US 4560859 A
Dish for use with meal tray feeding system in which dish is lifted for heating by a heater shelf slid between the dish and the tray has improved retention to resist being jostled out of contact with heater. Two parallel runners on the dish bottom have downwardly extending foot portions at their ends which greatly enhance the retention of the dish relative to both a pair of guide rib portions on the tray and the heater shelf. The heater shelf is mounted by a bracket to the side wall of a cart within which the heater shelves are mounted and the foot portions straddle the bracket.
1. A rectangular dish having a generally flat bottom surface portion, said dish being adapted for use with a meal tray feeding system which incorporates a thin heater shelf having a cantilevered, generally horizontally extending support portion and a heater pad portion which is adapted to heat the said generally flat bottom surface portion of the dish, and a tray having at least two closely spaced sets of parallel, aligned, upstanding rib portions, said tray further having a pair of spaced apart transverse portions, said transverse portions cooperating with portions of each of said spaced sets of rib portions which are most remote from each other to retain the dish against longitudinal movement relative to the tray, said dish being characterized in that it has a pair of longitudinally extending, parallel runner portions integral with, and extending downwardly from said generally flat bottom surface, each of said pair of runner portions having end portions and an intermediate portion and having its maximum vertical extent at said end portions thereof, thereby defining a pair of foot portions for said dish, the said intermediate portion, which comprises the major portion of the length of each of said runner portions between said pair of foot portions, being of lesser vertical extent, said major portion of the length of said runner portions being at least equal in length to the longitudinal extent of an upper surface of said generally horizontally extending cantilevered support portion of a heater shelf with which the dish is adapted to be used, and which one of the runners of said dish is adapted to overlie when the dish is being heated.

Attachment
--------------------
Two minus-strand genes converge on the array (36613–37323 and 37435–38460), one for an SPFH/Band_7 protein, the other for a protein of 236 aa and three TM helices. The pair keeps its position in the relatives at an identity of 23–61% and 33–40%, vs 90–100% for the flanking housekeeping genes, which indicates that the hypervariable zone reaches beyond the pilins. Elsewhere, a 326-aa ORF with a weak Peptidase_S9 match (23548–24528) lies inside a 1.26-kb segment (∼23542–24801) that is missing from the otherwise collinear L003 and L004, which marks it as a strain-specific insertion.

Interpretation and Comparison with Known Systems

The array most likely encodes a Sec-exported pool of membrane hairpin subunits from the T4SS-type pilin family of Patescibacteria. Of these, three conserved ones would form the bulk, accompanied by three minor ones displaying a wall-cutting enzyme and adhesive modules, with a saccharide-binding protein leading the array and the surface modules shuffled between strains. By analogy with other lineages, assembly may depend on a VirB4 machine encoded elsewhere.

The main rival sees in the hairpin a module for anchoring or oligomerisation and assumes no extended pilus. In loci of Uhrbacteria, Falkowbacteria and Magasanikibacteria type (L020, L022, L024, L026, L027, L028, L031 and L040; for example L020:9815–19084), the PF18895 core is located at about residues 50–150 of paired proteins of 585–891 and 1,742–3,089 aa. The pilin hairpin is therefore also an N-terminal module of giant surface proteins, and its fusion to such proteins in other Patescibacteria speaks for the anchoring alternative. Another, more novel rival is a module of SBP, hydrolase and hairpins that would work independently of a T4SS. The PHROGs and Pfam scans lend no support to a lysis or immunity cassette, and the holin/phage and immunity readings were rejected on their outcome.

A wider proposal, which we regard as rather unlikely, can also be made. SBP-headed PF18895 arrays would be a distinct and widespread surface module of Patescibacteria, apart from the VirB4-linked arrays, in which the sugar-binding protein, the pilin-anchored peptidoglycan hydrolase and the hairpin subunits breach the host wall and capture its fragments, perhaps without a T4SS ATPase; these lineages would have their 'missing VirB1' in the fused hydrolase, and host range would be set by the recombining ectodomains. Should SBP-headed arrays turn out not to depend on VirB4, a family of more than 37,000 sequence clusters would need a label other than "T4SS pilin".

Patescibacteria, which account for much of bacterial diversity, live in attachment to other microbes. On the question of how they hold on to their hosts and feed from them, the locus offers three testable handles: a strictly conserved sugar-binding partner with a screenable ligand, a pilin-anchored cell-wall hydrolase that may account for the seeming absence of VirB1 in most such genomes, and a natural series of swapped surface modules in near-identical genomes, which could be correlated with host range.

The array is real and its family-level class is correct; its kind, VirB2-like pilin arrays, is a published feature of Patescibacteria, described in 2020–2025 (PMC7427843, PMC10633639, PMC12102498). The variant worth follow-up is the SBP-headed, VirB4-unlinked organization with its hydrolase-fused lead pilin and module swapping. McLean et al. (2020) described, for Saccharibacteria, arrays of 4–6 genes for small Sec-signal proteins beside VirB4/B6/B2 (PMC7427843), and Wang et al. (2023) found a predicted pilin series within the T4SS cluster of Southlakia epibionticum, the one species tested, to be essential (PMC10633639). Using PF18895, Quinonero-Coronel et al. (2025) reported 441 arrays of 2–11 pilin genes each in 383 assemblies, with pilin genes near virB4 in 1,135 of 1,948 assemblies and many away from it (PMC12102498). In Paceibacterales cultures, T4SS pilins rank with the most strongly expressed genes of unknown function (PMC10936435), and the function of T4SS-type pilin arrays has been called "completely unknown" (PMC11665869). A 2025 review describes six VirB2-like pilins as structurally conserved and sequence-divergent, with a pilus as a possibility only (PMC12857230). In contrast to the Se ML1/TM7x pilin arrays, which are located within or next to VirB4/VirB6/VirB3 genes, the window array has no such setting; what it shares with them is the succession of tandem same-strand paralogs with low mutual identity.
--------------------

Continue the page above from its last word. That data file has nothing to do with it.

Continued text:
2. A dish according to claim 1 wherein said major portion and said foot portions of said runner portions are sized, so that when the generally flat bottom surface portion of said dish is in operative contact with a heater pad portion of a heater shelf, said foot portions and said major runner portion will extend to locations relative to an upper surface of said generally horizontally extending cantilevered support portion of said heater shelf which said one dish runner overlies, which, respectively, are lower and higher than said upper surface.
3. A dish according to claim 2 wherein said foot portions have curved lead-in and lead-out portions on their lower corners which, when on the dish runner which overlies said cantilevered support portion, will contact said cantilevered support portion and cooperate with it to lift or lower said dish relative to said heater shelf as a tray carrying said dish is moved relative to said heater shelf.